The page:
the object is to easily see of course and after germination to cut just above the shell and just below the tip of the root and plant that directly in the soil without disturbing delicate tap roots.

job paper seeds 1.jpgjob paper seeds 2.jpg

Hash Hound

Well-Known Member
my above experiment is flop. No sprouts. The water never left the inside of the paper tube and I think they didn't get any air.

After rethinking this cutting a small piece of paper towel would accomplish the same thing I was attempting.


New Member
I want to start a thread on different seed starting techniques. Starting seeds is my biggest challenge.
Hoping to see how others have had success. This thread is basically about making sure I don't fuck up @BobBitchen Slymer seeds(Maybe this will turn into a journal).
@Mohican @ttystikk @Bubby'sndalab @ColoradoHighGrower @TintEastwood @jigfresh any help with technique is appreciated.
I have used the paper towel method, glass of water, directly in soil, in coco.
I have read about a diluted H2O2 solution to clean soften seeds. Also wondering about heating mats.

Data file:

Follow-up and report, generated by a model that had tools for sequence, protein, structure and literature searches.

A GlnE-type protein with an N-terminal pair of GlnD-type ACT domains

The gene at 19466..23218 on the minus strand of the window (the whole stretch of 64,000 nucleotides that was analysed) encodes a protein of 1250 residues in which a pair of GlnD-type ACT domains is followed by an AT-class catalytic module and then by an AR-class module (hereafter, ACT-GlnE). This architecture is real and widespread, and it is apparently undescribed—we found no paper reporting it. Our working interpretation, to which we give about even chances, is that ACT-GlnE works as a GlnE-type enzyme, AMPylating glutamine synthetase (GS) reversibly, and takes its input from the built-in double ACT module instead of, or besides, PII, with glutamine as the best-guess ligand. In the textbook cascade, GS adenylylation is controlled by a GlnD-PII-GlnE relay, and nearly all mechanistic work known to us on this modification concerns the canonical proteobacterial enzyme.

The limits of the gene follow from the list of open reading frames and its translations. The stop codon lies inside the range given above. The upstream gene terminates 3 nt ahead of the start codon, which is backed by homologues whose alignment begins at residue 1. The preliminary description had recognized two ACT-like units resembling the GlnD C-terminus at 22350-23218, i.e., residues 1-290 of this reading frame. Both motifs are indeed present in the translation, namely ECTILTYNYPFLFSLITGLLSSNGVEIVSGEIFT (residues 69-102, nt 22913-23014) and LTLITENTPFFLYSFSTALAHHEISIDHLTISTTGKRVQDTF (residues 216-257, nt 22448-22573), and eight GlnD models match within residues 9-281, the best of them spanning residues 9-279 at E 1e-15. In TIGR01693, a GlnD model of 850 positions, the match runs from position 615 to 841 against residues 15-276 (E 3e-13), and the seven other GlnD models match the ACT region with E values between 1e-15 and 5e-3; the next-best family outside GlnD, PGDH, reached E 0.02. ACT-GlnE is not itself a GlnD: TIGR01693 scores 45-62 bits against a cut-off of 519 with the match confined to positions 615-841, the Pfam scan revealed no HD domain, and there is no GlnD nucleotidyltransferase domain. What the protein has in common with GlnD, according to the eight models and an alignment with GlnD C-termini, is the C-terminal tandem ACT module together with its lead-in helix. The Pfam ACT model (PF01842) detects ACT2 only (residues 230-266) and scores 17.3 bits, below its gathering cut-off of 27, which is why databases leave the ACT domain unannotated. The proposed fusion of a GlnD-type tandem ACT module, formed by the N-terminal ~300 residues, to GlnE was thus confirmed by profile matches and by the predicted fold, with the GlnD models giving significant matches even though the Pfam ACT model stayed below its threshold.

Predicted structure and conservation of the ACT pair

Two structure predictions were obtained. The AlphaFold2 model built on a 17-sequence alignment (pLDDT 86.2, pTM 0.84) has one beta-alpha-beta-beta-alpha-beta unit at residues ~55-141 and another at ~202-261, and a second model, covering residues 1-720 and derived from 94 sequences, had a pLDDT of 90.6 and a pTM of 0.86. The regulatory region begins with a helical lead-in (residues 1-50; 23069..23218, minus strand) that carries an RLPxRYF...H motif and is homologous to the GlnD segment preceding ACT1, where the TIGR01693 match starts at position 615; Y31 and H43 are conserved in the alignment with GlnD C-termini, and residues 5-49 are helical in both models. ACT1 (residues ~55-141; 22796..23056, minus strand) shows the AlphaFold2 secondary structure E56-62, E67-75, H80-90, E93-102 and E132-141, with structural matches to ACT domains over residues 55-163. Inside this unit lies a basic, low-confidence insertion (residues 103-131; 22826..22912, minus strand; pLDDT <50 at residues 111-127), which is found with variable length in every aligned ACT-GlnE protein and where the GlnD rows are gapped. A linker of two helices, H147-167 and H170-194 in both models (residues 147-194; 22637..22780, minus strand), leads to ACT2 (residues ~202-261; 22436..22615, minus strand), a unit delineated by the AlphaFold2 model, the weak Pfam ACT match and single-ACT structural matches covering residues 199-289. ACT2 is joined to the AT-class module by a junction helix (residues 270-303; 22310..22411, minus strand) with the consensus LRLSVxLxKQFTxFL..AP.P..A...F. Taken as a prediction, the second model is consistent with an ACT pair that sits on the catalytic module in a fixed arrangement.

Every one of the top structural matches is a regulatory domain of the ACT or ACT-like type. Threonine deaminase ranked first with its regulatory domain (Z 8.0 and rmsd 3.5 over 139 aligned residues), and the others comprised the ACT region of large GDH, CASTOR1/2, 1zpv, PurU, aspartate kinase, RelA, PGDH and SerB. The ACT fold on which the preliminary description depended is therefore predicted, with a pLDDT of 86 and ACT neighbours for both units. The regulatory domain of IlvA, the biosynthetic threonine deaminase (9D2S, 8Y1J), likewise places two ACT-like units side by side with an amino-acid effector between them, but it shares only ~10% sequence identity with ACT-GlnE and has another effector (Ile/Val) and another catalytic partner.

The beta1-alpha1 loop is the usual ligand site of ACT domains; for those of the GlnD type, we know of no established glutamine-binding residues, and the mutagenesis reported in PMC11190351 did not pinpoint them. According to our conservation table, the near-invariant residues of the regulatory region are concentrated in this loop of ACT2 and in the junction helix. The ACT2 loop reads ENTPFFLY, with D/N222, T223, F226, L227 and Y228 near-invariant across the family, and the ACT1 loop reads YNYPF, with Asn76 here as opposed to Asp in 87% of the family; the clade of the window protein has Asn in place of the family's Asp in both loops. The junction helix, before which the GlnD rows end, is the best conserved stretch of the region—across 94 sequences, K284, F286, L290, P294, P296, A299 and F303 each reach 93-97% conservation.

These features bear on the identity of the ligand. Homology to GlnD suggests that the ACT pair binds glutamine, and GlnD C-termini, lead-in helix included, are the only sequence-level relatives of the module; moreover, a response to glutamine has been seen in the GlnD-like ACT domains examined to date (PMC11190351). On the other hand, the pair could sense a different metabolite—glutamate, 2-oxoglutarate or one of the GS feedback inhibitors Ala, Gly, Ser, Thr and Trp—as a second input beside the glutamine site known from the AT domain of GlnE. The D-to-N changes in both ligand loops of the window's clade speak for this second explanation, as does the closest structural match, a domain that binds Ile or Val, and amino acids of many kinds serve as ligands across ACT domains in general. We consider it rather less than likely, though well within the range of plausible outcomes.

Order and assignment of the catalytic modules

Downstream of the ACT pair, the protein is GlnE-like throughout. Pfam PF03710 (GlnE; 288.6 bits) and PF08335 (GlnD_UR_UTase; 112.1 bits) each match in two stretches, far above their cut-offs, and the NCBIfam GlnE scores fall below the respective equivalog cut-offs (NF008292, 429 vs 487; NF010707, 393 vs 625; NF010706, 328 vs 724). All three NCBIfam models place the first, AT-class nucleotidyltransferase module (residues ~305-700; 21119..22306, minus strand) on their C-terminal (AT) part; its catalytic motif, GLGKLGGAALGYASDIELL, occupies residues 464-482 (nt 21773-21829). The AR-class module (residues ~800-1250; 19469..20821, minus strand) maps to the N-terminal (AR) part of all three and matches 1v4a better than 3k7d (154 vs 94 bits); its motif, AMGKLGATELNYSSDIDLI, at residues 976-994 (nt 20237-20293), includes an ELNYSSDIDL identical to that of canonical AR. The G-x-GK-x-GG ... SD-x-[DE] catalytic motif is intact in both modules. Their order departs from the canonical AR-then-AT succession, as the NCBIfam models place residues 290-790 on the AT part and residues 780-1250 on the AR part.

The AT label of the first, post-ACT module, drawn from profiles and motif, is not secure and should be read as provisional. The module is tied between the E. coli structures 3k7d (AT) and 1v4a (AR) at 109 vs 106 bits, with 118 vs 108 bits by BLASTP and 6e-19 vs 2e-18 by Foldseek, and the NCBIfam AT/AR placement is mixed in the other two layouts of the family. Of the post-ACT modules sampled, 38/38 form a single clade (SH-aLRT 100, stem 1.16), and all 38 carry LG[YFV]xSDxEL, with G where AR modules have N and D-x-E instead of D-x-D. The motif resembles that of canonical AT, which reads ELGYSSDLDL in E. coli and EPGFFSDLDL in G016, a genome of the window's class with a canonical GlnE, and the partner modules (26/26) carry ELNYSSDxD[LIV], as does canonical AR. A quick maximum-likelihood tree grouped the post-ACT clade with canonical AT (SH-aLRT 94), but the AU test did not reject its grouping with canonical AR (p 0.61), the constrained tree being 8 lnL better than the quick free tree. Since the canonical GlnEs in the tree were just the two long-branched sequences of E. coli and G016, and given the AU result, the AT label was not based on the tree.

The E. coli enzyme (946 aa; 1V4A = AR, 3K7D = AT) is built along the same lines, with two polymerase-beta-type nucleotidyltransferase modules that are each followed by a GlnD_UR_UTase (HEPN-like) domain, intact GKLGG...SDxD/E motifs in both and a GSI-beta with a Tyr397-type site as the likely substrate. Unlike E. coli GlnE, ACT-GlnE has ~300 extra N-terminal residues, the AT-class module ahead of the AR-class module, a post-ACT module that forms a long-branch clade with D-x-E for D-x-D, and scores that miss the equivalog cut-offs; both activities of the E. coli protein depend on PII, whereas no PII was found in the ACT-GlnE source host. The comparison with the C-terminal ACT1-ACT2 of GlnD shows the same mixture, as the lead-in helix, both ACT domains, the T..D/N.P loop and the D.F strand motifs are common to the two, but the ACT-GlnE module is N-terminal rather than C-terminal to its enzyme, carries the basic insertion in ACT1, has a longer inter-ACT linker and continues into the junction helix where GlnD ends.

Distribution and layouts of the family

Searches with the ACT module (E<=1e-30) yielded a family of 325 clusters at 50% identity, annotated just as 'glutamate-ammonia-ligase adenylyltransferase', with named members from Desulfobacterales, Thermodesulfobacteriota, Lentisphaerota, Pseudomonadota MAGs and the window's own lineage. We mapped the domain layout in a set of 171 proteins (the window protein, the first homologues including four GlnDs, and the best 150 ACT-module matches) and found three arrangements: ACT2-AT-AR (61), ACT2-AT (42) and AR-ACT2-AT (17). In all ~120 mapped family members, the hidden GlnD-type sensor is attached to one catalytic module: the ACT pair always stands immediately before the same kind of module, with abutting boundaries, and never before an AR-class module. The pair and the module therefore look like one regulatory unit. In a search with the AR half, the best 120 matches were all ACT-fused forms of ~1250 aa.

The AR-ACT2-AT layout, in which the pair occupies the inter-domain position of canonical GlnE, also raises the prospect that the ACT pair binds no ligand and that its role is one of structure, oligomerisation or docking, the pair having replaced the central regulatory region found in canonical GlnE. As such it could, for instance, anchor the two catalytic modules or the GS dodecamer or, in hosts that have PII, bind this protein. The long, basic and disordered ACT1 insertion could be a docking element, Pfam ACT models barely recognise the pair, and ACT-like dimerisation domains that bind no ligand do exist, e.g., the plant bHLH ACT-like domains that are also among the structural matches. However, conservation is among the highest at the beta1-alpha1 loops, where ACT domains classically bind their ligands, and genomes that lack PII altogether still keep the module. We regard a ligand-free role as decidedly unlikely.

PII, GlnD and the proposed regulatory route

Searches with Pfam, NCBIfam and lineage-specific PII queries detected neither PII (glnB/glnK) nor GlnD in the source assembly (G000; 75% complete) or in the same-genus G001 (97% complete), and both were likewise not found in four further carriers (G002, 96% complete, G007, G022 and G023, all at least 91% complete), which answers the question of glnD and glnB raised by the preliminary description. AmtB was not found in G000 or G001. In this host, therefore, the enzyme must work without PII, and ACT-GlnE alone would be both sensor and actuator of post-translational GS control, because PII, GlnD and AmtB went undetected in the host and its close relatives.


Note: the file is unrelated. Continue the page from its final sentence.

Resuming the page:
I am not into gimmicks, most successful method has been paper towel into soil starter mini six trays in a humidity dome.
24hrs soak in water then paper towel for at least 2 days before roots pop. Also, for those harder shells place seed in between fine sand paper


Well-Known Member
Here's my seed saver. I had some heat mats that were too hot, so I now do this. I had a mushroom grow and some old seeds. I put paper towel on a foam plate, arrange the seeds on it, cover with paper towel, mist thoroughly, dab up excess moisture with paper towel, cover this with a smaller plastic dish {I use the tops from cool whip or cottage cheese}, Now place on top of mushroom box and cover lightly with a cover or towel. Done. A friend does similar but uses his aquarium for his base.
The mushroom box is merely 2 matching 4 gallon plastic totes. Fill the first 25% with water, add a small fish tank heater set at 80F, set the second tote inside the first, and there is the mushroom incubator. When not shroomin' you can set the sprouter inside the second tote.
The aquarium heater keeps temps damn near exact. Grow on...